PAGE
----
The post-Cold War environment was permissive of these misunderstandings and missteps, and relatively lenient in its imposition of costs on the United States. Those days are over. The consequences of misapplying brute force, and of neglecting or mistaking how to actively guard against war, will be harsh and unforgiving during a period of aggressive competition among powerful states.

This change is not lost on the defense community today, and there is a considerable amount of attention being given to the conjoined matters of how to prepare for great power war and how to prevent it. Both concerns arise specifically from worries about China’s intentions over Taiwan and about Russia’s designs on NATO’s eastern front. These scenarios have brought deterrent strategies back into fashion, and momentum is gathering behind the idea that deterrence is best achieved by amassing high-tech conventional warfighting superiority.

History informs us, however, that deterrence is never as logical, straightforward, and simple in practice as it seems it should be. Machine learning, autonomy, hypersonics, and other advanced technologies doubtless should and will be brought into military use but doing so doesn’t ensure deterrent effect, and neither is seeking to deter China and Russia selfsame as guarding against war. To the contrary, to the extent that the United States does not adequately account for how its own approach to integrating these technologies into its deterrent strategies can cause misperception, instability, and miscalculation, it does not minimize opportunity for war — it creates it.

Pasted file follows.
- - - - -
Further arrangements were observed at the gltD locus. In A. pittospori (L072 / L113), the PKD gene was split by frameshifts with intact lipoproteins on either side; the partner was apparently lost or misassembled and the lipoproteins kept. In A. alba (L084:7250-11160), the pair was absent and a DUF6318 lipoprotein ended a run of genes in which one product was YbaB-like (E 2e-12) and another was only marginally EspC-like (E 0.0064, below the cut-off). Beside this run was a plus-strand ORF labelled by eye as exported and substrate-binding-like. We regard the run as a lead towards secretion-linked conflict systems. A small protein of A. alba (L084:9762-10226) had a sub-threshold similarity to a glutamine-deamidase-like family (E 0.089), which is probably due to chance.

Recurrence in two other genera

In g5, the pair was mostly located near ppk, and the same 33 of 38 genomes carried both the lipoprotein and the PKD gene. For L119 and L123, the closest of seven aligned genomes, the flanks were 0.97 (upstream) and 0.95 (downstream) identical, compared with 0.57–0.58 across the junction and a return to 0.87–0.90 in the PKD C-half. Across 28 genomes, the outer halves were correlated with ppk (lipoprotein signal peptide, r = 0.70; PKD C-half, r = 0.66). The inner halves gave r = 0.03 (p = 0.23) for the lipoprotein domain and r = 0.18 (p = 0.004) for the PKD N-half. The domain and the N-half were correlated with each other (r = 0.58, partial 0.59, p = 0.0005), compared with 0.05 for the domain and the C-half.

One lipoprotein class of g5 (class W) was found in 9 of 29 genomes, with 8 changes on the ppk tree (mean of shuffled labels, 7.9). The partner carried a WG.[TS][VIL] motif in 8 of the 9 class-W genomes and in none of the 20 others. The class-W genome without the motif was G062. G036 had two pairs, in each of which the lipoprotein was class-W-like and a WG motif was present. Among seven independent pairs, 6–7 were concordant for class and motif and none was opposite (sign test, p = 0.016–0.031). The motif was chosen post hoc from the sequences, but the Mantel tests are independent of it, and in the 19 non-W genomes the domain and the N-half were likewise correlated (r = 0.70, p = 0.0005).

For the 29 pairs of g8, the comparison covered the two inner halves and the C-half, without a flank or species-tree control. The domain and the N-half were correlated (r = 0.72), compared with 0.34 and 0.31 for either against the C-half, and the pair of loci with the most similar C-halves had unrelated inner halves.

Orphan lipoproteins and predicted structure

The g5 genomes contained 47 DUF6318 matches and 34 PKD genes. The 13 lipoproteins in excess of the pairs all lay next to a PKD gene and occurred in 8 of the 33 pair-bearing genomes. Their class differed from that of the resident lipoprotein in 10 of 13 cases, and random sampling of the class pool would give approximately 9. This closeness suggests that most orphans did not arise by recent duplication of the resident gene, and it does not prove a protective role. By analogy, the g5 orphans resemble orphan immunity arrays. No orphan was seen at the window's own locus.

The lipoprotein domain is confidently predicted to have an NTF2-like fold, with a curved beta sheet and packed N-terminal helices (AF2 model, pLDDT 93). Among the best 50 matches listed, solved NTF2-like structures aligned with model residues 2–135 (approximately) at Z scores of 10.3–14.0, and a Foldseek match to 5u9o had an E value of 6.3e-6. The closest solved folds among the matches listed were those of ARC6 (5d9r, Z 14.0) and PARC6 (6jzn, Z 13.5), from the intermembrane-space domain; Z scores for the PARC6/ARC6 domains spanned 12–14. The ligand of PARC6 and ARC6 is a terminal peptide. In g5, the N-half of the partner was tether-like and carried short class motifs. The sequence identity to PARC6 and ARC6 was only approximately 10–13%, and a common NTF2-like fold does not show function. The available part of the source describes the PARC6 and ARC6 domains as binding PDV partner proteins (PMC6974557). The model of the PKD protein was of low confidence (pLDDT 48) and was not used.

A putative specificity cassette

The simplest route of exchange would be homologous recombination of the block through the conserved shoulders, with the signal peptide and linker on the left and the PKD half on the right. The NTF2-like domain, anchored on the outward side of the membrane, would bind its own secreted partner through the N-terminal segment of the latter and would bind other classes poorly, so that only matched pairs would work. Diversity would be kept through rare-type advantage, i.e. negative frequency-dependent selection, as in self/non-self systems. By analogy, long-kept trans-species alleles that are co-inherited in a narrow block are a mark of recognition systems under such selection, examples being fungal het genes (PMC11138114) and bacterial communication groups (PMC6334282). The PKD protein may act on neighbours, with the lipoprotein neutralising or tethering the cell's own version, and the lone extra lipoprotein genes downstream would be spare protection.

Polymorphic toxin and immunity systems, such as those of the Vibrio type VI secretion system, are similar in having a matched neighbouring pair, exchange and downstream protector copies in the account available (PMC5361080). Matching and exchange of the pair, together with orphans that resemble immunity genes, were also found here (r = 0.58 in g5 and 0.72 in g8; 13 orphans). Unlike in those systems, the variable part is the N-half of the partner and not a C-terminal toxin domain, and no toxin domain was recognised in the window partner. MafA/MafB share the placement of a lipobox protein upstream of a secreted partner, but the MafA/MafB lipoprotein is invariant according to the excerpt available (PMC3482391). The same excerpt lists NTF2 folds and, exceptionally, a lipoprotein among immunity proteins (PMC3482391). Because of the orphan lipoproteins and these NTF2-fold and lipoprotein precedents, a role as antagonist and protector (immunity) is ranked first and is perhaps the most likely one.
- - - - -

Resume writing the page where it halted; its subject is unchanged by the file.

This is never more true than during periods of flux and transition, when policymakers are subjected to the unsteadying influences of broken patterns, unusual events, and an inability to discern trends or anticipate future trajectories. Periods of rapid and pronounced technological change make deterrence especially tricky, as the possible applications of new tools used in new ways are many and their implications uncertain.